It is vital for any asset-intensive organization to effectively track and monitor high-value assets throughout their entire life cycle, from procurement to end of life.
By implementing asset tracking solutions that are suited to your specific business needs, asset-heavy organizations can improve asset visibility and asset management, efficiency and productivity, and customer satisfaction, while reducing costs and increasing profitability.
It is essential that time is spent up-front to determine the specific types of asset tags and software solutions that will deliver optimal business results.
Why would an organization need to tag an asset?
Depending on the type of business, organizations typically tag assets to:
- Monitor inventory levels.
- Track supply chain activities.
- Monitor asset location in real time across multiple sites.
- Prevent assets from being lost, misplaced or stolen.
- Monitor the condition of an asset as part of an asset management program.
What types of assets are typically tagged?
Organizations typically tag fixed and mobile high-value and revenue-critical assets to track and monitor an asset’s location, condition, maintenance activities and history.
Where does asset tag information go?
Asset tags contain important asset-specific information such as name/ID, condition, value, history and location. This information is read by means of a reader/scanner and is communicated to an asset tracking software system where the information is stored, evaluated, and analyzed to make informed decisions and take the appropriate actions.
What can asset tagging software help improve?
By automating the asset tracking process and integrating it with a sophisticated asset tracking software system, major benefits can be realized for the organisation:
- Eliminate human intervention, thus reducing the risk of error and amount of manual labor required to perform asset tracking and monitoring.
- Collect real-time data.
- Track multiple assets simultaneously.
- Improve asset visibility.
- Identify obsolete assets.
- Reduce maintenance activities and costs.
- Enable effective decision-making.
- Enhance inventory management.
- Improved compliance with regulatory requirements.
- Improved efficiency, accuracy and productivity.
What is an RFID tag?
A radio frequency identification (RFID) tag refers to technology where digital data is encoded in a tag, such as equipment specific name/ID, value, location and condition. The tag is attached to a specific asset, and the information is captured by means of a reader via radio waves. The information is transmitted to an asset tracking software system where it is stored, analyzed, and transformed into actionable intelligence.
An effective RFID asset tracking system comprises five key technological elements.
1. RFID tag
Equipment-specific digital data is stored on the RFID tag, and is attached to the asset to be tracked and monitored. Three types of asset tags can be utilized, namely active, passive and semi-passive RFID tags.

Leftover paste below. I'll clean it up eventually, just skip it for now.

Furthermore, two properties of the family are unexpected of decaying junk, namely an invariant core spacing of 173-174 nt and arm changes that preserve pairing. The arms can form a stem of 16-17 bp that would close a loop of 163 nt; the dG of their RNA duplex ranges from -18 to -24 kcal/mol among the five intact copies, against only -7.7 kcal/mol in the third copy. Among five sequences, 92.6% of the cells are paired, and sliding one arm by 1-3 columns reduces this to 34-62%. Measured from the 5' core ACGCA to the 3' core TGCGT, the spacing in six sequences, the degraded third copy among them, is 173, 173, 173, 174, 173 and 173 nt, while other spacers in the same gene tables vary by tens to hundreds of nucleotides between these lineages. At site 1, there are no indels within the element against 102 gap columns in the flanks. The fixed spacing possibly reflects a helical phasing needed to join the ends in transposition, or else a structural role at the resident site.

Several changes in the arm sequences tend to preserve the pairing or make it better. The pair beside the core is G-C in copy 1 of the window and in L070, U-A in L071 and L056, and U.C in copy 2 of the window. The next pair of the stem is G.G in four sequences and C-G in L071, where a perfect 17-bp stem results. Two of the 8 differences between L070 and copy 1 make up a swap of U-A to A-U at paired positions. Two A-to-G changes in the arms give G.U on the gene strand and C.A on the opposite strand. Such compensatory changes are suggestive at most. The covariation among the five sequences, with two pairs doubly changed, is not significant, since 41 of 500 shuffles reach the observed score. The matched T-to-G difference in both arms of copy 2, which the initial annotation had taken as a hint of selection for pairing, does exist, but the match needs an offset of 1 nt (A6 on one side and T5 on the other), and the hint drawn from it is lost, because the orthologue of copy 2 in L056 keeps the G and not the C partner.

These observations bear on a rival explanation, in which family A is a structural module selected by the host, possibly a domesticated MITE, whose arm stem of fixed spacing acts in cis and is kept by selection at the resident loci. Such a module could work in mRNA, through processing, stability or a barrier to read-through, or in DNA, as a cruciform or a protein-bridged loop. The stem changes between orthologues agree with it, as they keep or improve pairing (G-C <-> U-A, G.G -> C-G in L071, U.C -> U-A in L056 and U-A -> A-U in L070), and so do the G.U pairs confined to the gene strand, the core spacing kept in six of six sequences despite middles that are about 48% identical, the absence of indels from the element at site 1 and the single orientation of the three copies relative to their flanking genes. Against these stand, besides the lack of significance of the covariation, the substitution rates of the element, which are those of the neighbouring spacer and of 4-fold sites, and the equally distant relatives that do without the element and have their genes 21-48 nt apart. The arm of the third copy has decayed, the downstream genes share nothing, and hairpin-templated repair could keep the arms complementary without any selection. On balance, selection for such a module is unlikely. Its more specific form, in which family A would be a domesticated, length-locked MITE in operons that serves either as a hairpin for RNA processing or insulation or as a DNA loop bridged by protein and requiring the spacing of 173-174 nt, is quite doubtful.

Active RFID tags
These tags are generally larger and more expensive than passive RFID tags. They offer longer read ranges of up to 150m, but active tags typically have a more limited lifespan than passive tags. They are battery powered and continuously transmit a signal.
Active tags are often used in harsher environments. They are typically used to track assets like vehicles and cargo containers.
Passive RFID tags
Passive RFID tags are typically smaller and less expensive than active tags, but their reading ranges are shorter. They, however, have a longer lifespan than active tags.
Passive tags have no internal power source, and are powered by the radio frequency energy transmitted from RFID readers/antennas. The signal sent by the reader and antenna is used to power the tag.
These tags are typically used for inventory and supply chain management.
Semi-passive RFID tags
Semi-passive RFID tags have and internal power source, but has a low signal range compared to active tags. These tags are used in a close distance from the reader. They are typically used for environment and condition monitoring.
The signal of a nearby RFID tag is identified by the antenna. The antenna receives the stored data from the tag and transmits the data to an RFID reader.
3. RFID reader
An RFID reader, connected wirelessly to the antenna, receives data that is stored on the tag.
4. Asset tracking software and database
The RFID reader transmits data to the asset tracking software where it is stored, analyzed and transformed to business intelligence that is used to make informed decisions and take appropriate actions.
5. Levels of frequency
Frequency output impacts the cost, size, and communication quality between tags and readers. Therefore, it is important to consider which frequency output is best suited to your needs and circumstances.